Is there a simple way to disable php errors on the webpages of a site? From what I have read, that involves creating/modifying a phi.ini file, but I can’t find much on that for dreamhost beyond some info on increasing upload file sizes.
The process is the same for modifying the default error reporting as it is for increasing the upload file size, only the particular settings modified are different.
That said, disabling error reporting is generally a "very bad thing"tm, as it can result in masking serious problems and security risks. It is far better to address the errors themselves!
Alternatively, you could change the error reporting level to supress some warnings, if you insist on taking that approach as opposed to rectifying the conditions that causes the errors.
Good point – What I’m interested in doing is not ignoring errrors, butbetter handling them so that user does not just see see a dh fileshare path, and error message, and line number.
I’m hoping there is a simpler solution than needing to write unix scripts and run cron jobs.
phi.ini is in the server, I don’t think DH will allow it’s user to amend it as it’s control how PHP behave.
for large file u can always use FTP software.
True, you can not modify the server wide php.ini, but you can create a localised PHP install and modify it’s php.ini file.
There is a very good article in the wiki explaining how to copy the existing DreamHost PHP install over to a local directory and configure your site to use it. The article shows how to modify the settings ‘post_max_size’ and ‘upload_max_filesize’, but the same procedure can be used to modify whatever settings you desire.
Save [color=#CC0000]$50[/color] on DreamHost hosting using promo code [color=#CC0000]SAVEMONEY[/color] ( Click for promo code details )
Fair enough. I suggest you check out the PHP Manual section on Error Handling, paying special attention to the error_reporting function, as well as other pertinent information in those manual sections (check the links on the right side of the pages, if you are not familiar with the “online” PHP Manual’s layout).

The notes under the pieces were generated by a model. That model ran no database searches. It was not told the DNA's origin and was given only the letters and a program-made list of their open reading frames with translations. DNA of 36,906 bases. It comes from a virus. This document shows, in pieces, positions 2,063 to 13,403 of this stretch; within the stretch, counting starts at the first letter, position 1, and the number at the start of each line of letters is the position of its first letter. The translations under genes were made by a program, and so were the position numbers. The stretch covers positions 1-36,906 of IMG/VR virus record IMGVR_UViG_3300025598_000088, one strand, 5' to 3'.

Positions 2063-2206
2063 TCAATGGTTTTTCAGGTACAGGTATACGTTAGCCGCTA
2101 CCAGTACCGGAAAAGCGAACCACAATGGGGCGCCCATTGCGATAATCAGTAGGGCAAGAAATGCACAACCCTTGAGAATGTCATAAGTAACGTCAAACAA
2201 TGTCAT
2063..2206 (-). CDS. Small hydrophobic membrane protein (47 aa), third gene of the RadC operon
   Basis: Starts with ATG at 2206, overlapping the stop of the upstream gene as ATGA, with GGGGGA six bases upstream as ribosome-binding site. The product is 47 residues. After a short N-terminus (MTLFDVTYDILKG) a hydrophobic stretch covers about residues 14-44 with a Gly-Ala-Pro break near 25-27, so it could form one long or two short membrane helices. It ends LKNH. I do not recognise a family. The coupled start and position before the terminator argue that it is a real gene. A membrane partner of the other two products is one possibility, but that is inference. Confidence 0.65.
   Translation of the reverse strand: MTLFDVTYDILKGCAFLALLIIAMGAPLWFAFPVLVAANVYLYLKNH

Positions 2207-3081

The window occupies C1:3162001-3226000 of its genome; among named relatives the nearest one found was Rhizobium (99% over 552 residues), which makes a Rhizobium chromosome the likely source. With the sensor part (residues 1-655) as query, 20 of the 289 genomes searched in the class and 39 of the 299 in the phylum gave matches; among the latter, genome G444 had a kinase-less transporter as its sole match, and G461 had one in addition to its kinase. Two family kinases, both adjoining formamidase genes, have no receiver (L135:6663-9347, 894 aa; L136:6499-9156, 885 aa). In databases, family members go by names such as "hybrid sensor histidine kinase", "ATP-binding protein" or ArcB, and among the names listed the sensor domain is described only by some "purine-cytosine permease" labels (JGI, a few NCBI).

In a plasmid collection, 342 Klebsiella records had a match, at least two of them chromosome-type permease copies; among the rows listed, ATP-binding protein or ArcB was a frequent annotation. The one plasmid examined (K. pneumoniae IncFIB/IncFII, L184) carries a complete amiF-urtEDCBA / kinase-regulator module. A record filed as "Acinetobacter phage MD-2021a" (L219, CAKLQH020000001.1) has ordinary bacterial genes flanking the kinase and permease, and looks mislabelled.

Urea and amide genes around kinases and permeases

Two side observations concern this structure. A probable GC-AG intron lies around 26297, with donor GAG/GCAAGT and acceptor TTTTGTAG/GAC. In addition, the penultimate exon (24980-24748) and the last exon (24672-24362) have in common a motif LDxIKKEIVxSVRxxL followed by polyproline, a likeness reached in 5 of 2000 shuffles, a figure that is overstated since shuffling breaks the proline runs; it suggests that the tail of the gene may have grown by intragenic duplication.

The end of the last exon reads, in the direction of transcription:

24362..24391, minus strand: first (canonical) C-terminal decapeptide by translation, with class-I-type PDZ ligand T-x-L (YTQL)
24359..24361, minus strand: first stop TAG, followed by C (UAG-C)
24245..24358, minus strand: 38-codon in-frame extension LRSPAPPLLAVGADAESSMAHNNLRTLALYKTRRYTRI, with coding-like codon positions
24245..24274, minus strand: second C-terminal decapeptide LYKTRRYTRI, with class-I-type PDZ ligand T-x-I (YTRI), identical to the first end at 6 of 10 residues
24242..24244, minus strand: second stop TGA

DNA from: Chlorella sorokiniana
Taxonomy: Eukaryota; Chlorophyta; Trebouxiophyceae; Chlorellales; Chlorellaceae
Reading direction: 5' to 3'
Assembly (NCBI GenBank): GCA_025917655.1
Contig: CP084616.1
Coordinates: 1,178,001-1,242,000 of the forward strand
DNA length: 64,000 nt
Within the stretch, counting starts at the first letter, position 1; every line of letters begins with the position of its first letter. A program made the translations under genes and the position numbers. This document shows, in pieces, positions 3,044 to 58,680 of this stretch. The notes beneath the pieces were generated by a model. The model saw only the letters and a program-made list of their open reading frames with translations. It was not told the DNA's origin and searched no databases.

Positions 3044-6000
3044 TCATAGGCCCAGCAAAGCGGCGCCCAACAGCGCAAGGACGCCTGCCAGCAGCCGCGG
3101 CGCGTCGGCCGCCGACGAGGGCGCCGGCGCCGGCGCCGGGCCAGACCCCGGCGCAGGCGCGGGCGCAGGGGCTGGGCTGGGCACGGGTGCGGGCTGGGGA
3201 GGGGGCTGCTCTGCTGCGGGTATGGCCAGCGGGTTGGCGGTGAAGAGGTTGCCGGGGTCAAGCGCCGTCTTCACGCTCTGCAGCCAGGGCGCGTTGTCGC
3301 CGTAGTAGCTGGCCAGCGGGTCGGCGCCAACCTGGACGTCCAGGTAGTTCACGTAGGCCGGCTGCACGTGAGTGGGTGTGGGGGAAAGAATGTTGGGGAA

Using the error_reporting function (second link above), you can “tweak” your code (see the provided examples), for a program without modifying the php.ini in use. In order to avoid having to set this value in each script, you could include it as a part of any common code that is routinely called into your scripts with “include”).
Remember, should you choose to do this, that you may remain blissfully unaware of a “borked” condition, and will most likely have to set error_reporting back on to even know what has happened if your script “breaks”.
I’m just wondering if there is a particular reason why you would choose to do this as opposed to tracking down and fixing the errors.
Thanks – It sounds like the way to go it to have a general include file at top off all pages that sets the adjustments to the defaults coming from the php.ini. That file would probably has a few other uses as well. I had started to read up on the error handling options, but wasn’t sure where to put the associated code.
For better or worse, I’m only set up to debug on my live site right now, so I want errors handled better cosmetically just in case someone stumbles in simultaneously. I also want to set up email notification of errors in case they show up later and are not detected in testing.
Recommended practice is to enable display_errors on your development site and disable it on production sites, and to always have log_errors enabled (this assumes you’re not doing development on your live site – you do have a separate development site, don’t you?). Users should never see raw error messages. The PHP documentation tells you this as well.
I handle errors and other PHP environment stuff (include_path, etc) using a single file that I include at the top of PHP pages on all my sites.
If you want useful replies, ask smart questions.